# How to solve 3rd order nonhomogeneous recurrence relation with n in equation?

This is a homework question so specifically I am looking for a direction (help). Not an absolute answer.

I understand how to solve 2nd order nonhomogeneous (and I think 3rd order is similiar) recurrence relations. Whats kinking me up with this one is a term with n.

h[n] = 4h[n- 1] - 4h[n-2] + 3n + 1


Here I am using square brackets to indicate subscripts. Now I can reorganize this equation into:

0 = h[n] - 4h[n-1] + 4h[n-2] -3n-1


From which I can derive the characteristic equation:

0 = x^3 - 4x^2 + 4x - 3n -1


Normally at this point I would solve the roots and be on my way, but here I have that extra n. How do I deal with this?

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Try $g_n = h_n - 3n$. And try if this can take you further. – user17762 Nov 11 '10 at 3:36
Have you seen this? Indeed, normally one starts deriving solutions to inhomogeneous recurrences from solutions to the corresponding homogeneous ones. – J. M. Nov 11 '10 at 3:39
Your characteristic equation is all wrong; it should be just $0=x^2-4x+4$. The terms $3n+1$ are taken care of by finding a particular solution. (PS. Your recurrence is of second order, not third, since each $h_n$ depends on the two previous values $h_{n-1}$ and $h_{n-2}$.) – Hans Lundmark Nov 11 '10 at 7:09

Your 'characteristic equation' doesn't work, as you noted, because of the presence of the variable $n$; it leaves the equation making no sense. While the particular-solution method works well, there's another general technique that can be used (in principle) to solve recurrence relations that are linear in previous terms and polynomial in $n$: generating functions. Consider the generating function $H(x) = \sum_{n=0}^{\infty} h[n]x^n$ and use your equation for $h[n]$ to come up with a corresponding equation for $H(x)$. Note that the generating function for $h[n-1]$ is simply $xH(x)$; the 'generating function' for a constant $c$ is $c\over 1-x$, and the generating function for $n$ is $x\over(1-x)^2$ (as can be found by taking the derivative of the generating function for 1 and multiplying by $x$). Once you come up with a formula you can use it to solve for $H(x)$ and then use the usual partial-fraction methods to turn this back into an explicit formula for $h[n]$.

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HINT $\$ Find a particular polynomial solution $\rm\:h[n]\:$ by undetermined coefficients (notice that the degree can be at most 1).$\$ The general solution is then the sum of any particular solution and the general solution of the associated homogeneous equation $\rm\ h[n] -4\ h[n-1] + 4\ h[n-2]\ =\ 0\:$.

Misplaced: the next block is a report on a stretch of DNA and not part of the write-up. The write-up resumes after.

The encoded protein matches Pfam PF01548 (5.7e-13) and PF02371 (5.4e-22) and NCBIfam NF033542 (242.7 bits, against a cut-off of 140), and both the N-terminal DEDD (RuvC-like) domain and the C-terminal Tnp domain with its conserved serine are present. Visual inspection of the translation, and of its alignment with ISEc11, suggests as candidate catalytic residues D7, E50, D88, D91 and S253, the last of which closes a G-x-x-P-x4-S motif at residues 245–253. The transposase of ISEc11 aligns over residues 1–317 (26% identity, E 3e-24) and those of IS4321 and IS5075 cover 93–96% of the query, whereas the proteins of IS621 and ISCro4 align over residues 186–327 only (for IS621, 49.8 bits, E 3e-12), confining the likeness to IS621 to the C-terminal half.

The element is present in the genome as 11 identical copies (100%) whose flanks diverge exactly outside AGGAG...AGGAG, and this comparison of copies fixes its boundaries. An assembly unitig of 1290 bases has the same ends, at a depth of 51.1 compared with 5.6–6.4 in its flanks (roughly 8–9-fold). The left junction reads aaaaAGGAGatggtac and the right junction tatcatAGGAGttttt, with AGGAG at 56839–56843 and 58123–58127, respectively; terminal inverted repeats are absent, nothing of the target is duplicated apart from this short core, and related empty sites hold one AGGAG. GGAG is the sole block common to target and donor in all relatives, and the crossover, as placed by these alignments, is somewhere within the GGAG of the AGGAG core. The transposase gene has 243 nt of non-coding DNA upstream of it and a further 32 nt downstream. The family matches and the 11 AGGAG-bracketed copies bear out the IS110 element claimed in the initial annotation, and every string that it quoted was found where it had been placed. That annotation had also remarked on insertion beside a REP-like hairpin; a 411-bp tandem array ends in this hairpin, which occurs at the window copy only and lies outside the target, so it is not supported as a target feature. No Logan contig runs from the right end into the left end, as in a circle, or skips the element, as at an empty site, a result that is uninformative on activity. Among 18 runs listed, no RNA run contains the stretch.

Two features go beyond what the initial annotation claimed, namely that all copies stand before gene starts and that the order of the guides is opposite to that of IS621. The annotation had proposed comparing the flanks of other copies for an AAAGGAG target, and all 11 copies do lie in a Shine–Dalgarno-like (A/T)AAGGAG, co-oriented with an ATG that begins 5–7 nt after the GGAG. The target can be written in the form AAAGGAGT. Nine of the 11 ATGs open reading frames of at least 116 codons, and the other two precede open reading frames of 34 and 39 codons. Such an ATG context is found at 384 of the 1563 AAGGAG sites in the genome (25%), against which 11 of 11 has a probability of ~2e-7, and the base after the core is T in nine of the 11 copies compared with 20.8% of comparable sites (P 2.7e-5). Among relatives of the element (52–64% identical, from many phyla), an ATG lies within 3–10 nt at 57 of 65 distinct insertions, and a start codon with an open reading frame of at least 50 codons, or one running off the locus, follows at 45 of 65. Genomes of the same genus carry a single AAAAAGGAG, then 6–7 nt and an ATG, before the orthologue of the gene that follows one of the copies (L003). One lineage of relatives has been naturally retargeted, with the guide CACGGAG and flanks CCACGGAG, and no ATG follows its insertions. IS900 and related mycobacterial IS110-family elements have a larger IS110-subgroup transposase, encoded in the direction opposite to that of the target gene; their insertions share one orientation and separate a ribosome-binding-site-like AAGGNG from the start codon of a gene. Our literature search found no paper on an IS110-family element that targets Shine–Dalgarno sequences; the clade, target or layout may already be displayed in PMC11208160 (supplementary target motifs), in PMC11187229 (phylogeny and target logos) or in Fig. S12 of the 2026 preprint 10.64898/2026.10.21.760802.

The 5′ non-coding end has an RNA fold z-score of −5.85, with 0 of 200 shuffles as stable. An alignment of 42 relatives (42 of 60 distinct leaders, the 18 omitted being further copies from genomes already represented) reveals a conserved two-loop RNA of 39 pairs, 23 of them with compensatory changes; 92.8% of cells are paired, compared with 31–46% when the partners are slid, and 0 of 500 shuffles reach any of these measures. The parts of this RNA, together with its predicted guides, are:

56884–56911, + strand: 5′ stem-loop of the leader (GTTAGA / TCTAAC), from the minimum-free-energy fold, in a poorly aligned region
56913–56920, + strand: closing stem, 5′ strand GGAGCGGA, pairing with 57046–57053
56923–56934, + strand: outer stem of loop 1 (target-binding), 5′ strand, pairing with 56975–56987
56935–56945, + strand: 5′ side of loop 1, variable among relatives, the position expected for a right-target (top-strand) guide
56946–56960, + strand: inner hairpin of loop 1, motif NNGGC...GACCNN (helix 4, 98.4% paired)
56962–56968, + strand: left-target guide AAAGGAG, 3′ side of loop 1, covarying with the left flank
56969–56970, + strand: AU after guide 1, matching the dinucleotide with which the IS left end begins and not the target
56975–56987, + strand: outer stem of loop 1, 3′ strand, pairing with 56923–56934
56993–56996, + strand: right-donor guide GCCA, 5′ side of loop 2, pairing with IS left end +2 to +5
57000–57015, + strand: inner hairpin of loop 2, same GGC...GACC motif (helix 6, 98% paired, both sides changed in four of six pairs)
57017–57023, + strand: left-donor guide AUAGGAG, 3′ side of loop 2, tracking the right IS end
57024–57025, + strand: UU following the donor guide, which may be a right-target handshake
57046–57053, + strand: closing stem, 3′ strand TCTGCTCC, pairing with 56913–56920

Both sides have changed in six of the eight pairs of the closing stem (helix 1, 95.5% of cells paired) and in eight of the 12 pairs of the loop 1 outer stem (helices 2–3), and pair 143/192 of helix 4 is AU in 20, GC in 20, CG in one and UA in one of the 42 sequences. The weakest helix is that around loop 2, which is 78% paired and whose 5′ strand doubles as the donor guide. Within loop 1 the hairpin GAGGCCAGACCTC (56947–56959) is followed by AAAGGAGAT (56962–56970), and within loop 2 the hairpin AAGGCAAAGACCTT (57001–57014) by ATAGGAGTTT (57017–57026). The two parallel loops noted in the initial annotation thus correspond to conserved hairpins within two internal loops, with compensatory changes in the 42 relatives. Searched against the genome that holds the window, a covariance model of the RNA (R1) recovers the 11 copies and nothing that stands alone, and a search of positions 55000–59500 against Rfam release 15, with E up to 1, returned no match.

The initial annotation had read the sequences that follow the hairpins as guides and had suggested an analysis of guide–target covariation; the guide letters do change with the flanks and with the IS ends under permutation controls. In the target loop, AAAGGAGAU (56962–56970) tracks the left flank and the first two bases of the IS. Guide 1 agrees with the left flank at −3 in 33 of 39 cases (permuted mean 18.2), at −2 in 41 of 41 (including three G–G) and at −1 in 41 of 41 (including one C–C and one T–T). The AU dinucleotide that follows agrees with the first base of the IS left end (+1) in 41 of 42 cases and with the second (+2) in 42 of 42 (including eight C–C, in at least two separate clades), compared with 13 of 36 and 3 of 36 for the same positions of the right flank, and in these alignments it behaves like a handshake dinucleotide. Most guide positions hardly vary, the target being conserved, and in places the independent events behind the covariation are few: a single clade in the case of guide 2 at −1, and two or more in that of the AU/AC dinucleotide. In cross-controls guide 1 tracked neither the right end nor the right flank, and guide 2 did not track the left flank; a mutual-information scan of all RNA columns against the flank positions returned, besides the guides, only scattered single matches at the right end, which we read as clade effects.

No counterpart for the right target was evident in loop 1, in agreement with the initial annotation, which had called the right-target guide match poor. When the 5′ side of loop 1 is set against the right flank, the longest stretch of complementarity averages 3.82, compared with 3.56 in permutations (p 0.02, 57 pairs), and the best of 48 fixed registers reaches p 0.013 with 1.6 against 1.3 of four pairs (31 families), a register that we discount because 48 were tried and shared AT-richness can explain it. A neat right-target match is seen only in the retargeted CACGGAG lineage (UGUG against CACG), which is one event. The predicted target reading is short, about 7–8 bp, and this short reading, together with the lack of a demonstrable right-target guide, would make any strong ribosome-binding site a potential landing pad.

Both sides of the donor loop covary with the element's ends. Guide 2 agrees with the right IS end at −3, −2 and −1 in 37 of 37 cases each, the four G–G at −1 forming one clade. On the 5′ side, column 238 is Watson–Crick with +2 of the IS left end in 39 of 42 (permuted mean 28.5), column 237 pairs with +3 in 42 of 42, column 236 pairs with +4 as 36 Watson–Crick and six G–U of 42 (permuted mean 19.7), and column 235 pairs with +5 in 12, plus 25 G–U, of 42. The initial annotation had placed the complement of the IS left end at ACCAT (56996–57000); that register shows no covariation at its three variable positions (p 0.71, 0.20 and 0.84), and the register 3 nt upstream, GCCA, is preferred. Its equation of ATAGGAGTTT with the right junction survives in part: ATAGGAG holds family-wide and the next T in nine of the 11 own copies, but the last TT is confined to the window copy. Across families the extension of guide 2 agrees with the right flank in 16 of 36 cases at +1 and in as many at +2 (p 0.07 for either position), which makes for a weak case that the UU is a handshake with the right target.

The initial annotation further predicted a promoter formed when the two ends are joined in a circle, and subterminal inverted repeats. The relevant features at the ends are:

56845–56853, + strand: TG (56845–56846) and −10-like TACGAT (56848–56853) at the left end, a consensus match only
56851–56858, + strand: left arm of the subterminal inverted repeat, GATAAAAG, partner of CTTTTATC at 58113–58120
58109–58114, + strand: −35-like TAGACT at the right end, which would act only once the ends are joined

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Do you mean degree two? 4h[n-2] => 4; h[n-1] => x; h[n] => x^2? – Joshua Enfield Nov 11 '10 at 4:26
No. If h(n) = a_k n^k + ... a_1 n + a_0 then h[n] - 4 h[n-1] + 4 h[n-2] = 3 n + 1 implies that k = 1 by examining leading terms. – Bill Dubuque Nov 11 '10 at 4:38

Since presumably the homework was long due, tackle this with generating functions. I'll use proper subscripts in what follows. Define $H(z) = \sum_{n \ge 0} h_n z^n$. Write the recurrence as: $$h_{n + 2} = 4 h_{n + 1} - 4 h_n + 3 n + 7$$ Multiply by $z^n$, sum over $n \ge 0$, and recognize: \begin{align} \sum_{n \ge 0} h_{n + 1} z^n &= \frac{H(z) - h_0}{z} \\ \sum_{n \ge 0} h_{n + 2} z^n &= \frac{H(z) - h_0 - h_1 z}{z^2} \\ \sum_{n \ge 0} z^n &= \frac{1}{1 - z} \\ \sum_{n \ge 0} n z^n &= z \frac{\mathrm{d}}{\mathrm{d} z} \frac{1}{1 - z} \\ &= \frac{z}{(1 - z)^2} \end{align} to get: $$\frac{H(z) - h_0 - h_1 z}{z^2} = 4 \frac{H(z) - h_0}{z} - 4 H(z) + \frac{3 z}{(1 - z)^2} + \frac{7}{1 - z}$$ Solving for $H(z)$ gives the forbidding expression: \begin{align} H(z) &= \frac{h_0 + (h_1 - 6 h_0) z - (2 h_1 - 9 h_0 - 7) z^2 + (h_1 - 4 h_0 - 4) z^3} {1 - 6 z + 13 z^2 - 12 z^3 + 4 z^4} \\ &= \frac{10}{1 - z} + \frac{3}{(1 - z)^2} - \frac{h_1 - 4 h_0 + 36}{2 (1 - 2 z)} + \frac{h_1 - 2 h_0 + 10}{2 (1 - 2 z)^2} \end{align} Using the generalized binomial theorem and geometric series, this tells us the coefficients: \begin{align} h_n &= 10 + 3 \cdot (-1)^n \binom{-2}{n} - \frac{h_1 - 4 h_0 + 36}{2} \cdot 2^n + \frac{h_1 - 2 h_0 + 10}{2} \cdot \binom{-2}{n} (-2)^n \end{align} As $(-1)^n \binom{-2}{n} = n + 1$, this reduces to: $$h_n = \frac{1}{2} \left( (h_1 - 2 h_0 + 10) n + 2 h_0 - 26) 2^n + 6 n + 26 \right)$$ The algebra help from maxima is gratefully acknowledged.

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